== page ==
As wrestlers at Star Valley High, Reynold was the heavyweight state champion in '88, and Rulon won that title in '89. Reynold went on to win two Pac-10 championships at Oregon State, while Rulon won the '91 national junior college title as a heavyweight at Ricks College in Rexburg, Idaho. He then transferred to Nebraska, where he finished fourth in the '93 NCAA championships. About that time someone asked him if he'd like to try Greco-Roman. "What's that?" Rulon asked.
During his early training in Greco-Roman, Gardner saw a poster of a fearsome Russian wrestler named Karelin. "Who's that?" he asked a training partner.
"That's the best wrestler in the world," Gardner was told.
The gardner children all graduated from college, virtually every penny of their tuitions coming from scholarships. Reed may be a farmer, but he has a bachelor's degree in chemistry and a master's in dairy technology, and Virginia got a degree in home economics education at Arizona. They know the value of education as well as they know the value of a good day's work. Geraldine, the oldest child, is a cardiologist. Rollin, who runs the farm now, has a degree in animal science. Evon, who has a degree in business administration, is a corporate trainer for a hotel chain. Russell is a special education teacher, Diane a fourth-grade teacher. Marcella is a nurse. Reynold has a master's in agriculture and teaches that subject in high school. Rulon earned a degree in physical education from Nebraska, and his wife, Stacy, is a high school social studies teacher.
A regiment of Rulon's parents, siblings and in-laws made it to Sydney, 16 strong. It wasn't easy. Almost every one of Afton's 1,200 residents pitched in to help Reed, Virginia and Stacy make the trip. There was a benefit golf tournament, a Rulon Gardner Gas Day, an autograph session and a milk-can dinner, a traditional Wyoming affair during which ham, sausage, corn, carrots, onions and cabbage are mixed with honey and steamed in a 10-gallon milk can. In Sydney the family members stayed at the homes of Australian Mormons and ate most of their meals together, gratis, at the AT&T Family Hospitality Center down on the waterfront. It was like a big family holiday.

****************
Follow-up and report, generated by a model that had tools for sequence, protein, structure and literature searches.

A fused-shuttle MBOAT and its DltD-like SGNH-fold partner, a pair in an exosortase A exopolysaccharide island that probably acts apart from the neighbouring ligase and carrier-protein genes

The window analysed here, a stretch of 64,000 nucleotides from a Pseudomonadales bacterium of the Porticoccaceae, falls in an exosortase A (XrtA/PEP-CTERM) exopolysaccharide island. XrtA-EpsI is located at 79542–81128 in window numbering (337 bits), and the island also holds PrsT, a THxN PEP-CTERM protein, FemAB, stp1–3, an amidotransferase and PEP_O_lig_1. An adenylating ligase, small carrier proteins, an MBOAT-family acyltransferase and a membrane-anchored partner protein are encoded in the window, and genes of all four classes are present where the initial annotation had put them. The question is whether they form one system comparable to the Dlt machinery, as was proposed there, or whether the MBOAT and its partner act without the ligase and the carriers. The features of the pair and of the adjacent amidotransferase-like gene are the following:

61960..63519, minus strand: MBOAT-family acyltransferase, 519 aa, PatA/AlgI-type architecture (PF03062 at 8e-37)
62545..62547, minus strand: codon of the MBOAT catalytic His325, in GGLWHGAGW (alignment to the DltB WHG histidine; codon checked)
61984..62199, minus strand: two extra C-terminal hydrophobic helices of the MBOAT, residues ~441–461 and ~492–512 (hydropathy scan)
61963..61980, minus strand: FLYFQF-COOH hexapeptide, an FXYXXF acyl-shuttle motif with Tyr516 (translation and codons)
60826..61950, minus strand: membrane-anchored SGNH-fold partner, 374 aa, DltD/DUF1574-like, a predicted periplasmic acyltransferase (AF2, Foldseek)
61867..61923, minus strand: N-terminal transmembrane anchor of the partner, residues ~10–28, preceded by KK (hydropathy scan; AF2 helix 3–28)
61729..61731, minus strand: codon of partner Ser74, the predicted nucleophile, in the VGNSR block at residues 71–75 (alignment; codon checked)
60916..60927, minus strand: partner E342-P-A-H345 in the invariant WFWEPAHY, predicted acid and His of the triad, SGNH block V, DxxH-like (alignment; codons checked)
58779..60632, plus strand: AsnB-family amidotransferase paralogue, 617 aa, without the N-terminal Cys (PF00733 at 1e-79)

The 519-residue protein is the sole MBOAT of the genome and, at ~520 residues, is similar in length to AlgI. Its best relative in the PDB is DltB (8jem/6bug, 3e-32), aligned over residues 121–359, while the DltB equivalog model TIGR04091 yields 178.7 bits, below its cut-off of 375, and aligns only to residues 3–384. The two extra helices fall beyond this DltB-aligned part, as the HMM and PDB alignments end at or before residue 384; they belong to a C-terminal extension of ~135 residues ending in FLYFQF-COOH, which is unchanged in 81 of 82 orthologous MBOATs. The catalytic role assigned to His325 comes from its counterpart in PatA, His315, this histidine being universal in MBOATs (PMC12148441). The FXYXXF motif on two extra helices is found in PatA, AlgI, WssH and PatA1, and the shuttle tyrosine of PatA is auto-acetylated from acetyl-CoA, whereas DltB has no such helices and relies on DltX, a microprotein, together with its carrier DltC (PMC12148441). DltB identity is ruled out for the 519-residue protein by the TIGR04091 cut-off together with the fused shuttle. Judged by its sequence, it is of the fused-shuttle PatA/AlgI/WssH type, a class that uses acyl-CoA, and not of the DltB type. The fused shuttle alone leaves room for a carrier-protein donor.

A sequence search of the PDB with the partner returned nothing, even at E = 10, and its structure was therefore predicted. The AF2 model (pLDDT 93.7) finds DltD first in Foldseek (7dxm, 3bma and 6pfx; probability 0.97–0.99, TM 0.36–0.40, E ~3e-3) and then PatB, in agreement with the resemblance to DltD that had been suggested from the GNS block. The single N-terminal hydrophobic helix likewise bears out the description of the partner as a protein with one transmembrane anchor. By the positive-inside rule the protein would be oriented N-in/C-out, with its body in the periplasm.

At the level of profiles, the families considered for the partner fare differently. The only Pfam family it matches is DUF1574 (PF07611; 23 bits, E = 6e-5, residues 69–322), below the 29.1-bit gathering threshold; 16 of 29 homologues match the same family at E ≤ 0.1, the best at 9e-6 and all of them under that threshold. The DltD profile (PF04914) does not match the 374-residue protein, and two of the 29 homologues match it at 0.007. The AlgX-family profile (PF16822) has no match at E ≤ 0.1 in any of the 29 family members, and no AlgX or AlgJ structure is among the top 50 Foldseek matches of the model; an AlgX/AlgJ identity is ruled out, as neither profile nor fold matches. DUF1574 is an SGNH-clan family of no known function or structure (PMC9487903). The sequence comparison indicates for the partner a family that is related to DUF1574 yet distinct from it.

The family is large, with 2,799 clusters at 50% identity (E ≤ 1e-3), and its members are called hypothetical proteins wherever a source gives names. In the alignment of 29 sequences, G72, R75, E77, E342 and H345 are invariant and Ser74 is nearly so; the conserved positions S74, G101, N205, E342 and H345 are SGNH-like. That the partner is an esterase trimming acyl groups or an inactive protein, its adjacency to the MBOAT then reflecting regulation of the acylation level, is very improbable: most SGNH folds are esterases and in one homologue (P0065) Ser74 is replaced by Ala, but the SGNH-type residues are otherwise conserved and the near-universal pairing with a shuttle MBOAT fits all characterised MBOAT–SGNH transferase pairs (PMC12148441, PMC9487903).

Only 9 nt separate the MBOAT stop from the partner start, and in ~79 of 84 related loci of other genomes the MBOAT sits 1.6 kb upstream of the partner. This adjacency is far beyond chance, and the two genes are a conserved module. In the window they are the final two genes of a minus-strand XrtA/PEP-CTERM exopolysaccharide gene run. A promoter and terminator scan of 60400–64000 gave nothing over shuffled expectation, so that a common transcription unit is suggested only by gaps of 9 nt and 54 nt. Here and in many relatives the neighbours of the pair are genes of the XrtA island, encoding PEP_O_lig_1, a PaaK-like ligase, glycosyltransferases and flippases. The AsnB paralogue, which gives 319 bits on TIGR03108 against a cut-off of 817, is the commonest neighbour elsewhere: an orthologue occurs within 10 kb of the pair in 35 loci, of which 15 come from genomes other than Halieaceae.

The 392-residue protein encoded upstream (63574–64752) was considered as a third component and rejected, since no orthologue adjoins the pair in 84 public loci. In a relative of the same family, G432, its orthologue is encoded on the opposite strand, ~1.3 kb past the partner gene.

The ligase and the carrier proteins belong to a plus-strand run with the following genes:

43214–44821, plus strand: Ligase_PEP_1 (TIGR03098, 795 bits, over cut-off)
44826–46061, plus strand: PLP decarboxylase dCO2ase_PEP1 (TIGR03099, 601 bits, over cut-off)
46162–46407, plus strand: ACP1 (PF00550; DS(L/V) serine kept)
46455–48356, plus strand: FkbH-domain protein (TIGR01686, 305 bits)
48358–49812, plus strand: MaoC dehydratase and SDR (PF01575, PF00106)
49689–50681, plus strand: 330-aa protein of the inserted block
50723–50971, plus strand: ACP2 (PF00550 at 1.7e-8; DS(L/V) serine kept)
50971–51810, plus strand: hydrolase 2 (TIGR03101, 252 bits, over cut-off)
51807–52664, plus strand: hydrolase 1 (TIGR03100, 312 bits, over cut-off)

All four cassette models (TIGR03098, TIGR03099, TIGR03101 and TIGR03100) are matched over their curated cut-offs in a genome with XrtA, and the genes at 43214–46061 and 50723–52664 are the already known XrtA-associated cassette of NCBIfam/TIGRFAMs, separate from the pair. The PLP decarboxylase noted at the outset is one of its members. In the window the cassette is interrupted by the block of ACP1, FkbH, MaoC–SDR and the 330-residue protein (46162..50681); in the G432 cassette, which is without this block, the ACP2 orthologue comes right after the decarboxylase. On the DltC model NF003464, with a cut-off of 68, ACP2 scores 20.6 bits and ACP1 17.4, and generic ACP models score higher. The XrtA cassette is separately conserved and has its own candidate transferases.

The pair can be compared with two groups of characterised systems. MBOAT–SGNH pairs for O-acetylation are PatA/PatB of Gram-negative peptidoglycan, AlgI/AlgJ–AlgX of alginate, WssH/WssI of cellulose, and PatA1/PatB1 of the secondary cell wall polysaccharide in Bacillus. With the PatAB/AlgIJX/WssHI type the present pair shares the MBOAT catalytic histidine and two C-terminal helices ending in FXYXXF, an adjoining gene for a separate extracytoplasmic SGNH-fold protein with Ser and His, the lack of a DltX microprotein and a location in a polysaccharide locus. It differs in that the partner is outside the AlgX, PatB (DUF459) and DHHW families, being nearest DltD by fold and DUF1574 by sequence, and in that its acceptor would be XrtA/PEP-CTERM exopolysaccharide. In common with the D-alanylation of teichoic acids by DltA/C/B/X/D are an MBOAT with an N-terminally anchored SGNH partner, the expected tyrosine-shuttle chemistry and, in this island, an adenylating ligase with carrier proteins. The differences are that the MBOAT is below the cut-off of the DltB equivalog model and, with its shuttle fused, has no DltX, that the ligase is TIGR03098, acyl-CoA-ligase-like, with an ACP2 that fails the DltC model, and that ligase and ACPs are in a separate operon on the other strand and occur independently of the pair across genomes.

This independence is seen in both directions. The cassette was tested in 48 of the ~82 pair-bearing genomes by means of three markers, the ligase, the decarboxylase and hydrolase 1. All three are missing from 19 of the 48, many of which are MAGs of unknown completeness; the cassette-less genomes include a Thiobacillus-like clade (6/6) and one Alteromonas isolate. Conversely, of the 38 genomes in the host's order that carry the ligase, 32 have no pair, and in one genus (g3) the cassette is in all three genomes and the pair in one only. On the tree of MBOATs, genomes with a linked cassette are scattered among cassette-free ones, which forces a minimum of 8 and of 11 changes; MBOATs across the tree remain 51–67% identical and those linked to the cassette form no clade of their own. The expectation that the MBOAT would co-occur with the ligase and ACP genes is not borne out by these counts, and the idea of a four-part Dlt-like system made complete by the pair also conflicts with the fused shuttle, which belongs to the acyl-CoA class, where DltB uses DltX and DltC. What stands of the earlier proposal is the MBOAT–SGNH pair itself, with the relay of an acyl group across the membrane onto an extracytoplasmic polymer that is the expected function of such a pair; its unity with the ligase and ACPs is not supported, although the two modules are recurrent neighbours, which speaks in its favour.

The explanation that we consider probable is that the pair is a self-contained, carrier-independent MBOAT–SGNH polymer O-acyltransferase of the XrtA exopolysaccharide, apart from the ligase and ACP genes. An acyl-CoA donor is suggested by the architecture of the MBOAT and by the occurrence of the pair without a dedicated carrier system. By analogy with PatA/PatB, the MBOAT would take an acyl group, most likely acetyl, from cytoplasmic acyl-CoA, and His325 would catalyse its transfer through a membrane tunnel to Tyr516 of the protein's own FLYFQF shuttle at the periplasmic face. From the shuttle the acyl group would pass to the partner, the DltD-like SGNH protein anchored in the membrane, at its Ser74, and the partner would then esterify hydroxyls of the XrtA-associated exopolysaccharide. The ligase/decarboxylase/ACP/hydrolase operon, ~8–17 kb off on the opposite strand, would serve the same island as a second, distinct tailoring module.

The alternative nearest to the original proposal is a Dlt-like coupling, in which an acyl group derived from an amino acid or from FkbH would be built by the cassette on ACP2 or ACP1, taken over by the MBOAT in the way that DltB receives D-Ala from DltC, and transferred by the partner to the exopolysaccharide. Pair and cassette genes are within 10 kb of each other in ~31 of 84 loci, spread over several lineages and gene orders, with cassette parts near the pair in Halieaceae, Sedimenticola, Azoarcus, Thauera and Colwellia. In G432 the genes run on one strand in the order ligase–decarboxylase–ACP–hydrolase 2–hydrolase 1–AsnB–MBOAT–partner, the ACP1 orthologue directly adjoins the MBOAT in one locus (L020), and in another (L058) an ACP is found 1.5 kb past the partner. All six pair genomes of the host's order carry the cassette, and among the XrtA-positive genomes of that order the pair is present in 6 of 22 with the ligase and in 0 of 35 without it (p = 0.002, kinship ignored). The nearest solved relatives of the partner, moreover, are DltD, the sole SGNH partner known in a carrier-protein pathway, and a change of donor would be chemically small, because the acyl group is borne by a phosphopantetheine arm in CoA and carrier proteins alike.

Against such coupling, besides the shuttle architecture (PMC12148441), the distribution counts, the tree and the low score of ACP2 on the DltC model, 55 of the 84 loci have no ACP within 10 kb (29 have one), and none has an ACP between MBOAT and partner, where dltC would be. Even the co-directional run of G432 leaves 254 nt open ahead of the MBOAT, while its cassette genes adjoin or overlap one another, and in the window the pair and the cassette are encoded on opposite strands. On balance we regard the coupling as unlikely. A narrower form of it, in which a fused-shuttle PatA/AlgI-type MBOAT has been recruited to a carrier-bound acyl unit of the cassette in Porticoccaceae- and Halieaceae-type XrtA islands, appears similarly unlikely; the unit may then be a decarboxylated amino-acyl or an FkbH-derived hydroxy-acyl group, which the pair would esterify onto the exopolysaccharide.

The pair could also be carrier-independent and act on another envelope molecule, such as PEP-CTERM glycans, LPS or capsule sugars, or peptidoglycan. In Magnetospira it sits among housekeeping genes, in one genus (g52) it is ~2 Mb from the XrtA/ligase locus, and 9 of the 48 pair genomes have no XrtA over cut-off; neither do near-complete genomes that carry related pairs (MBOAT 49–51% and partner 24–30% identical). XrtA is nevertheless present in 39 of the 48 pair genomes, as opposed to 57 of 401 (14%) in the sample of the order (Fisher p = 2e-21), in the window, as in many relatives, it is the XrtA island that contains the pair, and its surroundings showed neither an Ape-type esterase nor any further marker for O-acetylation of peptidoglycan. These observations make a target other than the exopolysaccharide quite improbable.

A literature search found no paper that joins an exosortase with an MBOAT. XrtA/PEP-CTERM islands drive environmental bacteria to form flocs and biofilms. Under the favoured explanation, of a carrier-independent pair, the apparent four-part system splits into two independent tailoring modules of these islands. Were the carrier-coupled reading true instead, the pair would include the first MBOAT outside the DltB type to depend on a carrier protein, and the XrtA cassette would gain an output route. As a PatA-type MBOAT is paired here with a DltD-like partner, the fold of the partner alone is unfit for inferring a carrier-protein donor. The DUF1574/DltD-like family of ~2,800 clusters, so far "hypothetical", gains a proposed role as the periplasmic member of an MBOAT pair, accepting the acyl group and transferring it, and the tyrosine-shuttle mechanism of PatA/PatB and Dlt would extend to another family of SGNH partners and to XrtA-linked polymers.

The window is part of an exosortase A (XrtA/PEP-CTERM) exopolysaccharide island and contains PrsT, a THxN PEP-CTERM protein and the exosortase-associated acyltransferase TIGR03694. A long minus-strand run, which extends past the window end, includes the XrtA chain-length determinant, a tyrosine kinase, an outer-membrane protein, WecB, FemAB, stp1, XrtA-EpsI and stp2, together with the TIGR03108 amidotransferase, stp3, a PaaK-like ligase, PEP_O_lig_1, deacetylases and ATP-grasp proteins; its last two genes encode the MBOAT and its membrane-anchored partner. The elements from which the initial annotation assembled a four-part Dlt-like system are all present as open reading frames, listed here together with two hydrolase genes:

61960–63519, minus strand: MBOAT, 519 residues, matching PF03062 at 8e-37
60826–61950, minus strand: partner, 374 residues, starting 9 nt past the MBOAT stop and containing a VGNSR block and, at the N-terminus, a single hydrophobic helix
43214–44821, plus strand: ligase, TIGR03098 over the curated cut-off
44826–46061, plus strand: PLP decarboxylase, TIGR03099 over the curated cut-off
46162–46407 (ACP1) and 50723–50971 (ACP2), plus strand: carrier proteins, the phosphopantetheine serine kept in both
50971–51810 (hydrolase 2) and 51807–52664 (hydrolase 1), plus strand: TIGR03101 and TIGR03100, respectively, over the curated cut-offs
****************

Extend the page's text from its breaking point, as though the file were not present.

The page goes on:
That atmosphere evaporated when Rulon stepped onto the mat to face Karelin. Virginia, in particular, was suffering. Rare is the Rulon match during which she doesn't spend half the time in the bathroom because of nerves. (He may be 29 years old and weigh 286 pounds, but he's still her baby.) Rulon joked that the family put her on the inside seat so she couldn't get out, and, indeed, she did see every minute of her son's bouts.
Before the gold medal match NBC commentator Jeff Blatnick, who in 1987 was one of Karelin's first international victims, searched for words to describe the mighty Russian. "You consider this ancient sport and this monumental man who's had a perfect career," said Blatnick, "and the only thing you come up with is that he's what Hercules was to the ancient Greeks."
One of Hercules's biggest battles came against Antaeus, whose mother was Earth and who was a worthy opponent as long as he kept either a hand or a foot on the ground. Hercules finally defeated Antaeus by picking him up and strangling him in midair. The comparison is irresistible. Gardner, child of the earth, was trying to avoid being hoisted into the air by this Hercules. Gardner picked up the lone point of the match, only the second Karelin had yielded in two years, when Karelin released his grip during the clinch that began Round 2, and thereafter Gardner repelled every offensive. How strong-minded did Gardner have to be to fight off that strength, that willpower, that oppressive weight of precedent? Though his body isn't devoid of loose skin (as Karelin's appears to be), Gardner's greatest strengths are his conditioning and his will. "Nobody wants to wrestle Rulon in practice," says U.S. coach Steve Fraser, "because he never lets up."
Reynold gave an explanation the day after Rulon's monumental victory: "It's the law of the harvest. You plant the seed, you water the seed, you fertilize the seed and you weed the seed. If you do those things, and only if you do them, you will harvest."
Reynold stared at his brother, who was signing autographs and letting tourists fondle his gold medal. "Only a few people know how hard Rulon worked and where he came from," said Reynold. "Rulon knows the law of the harvest."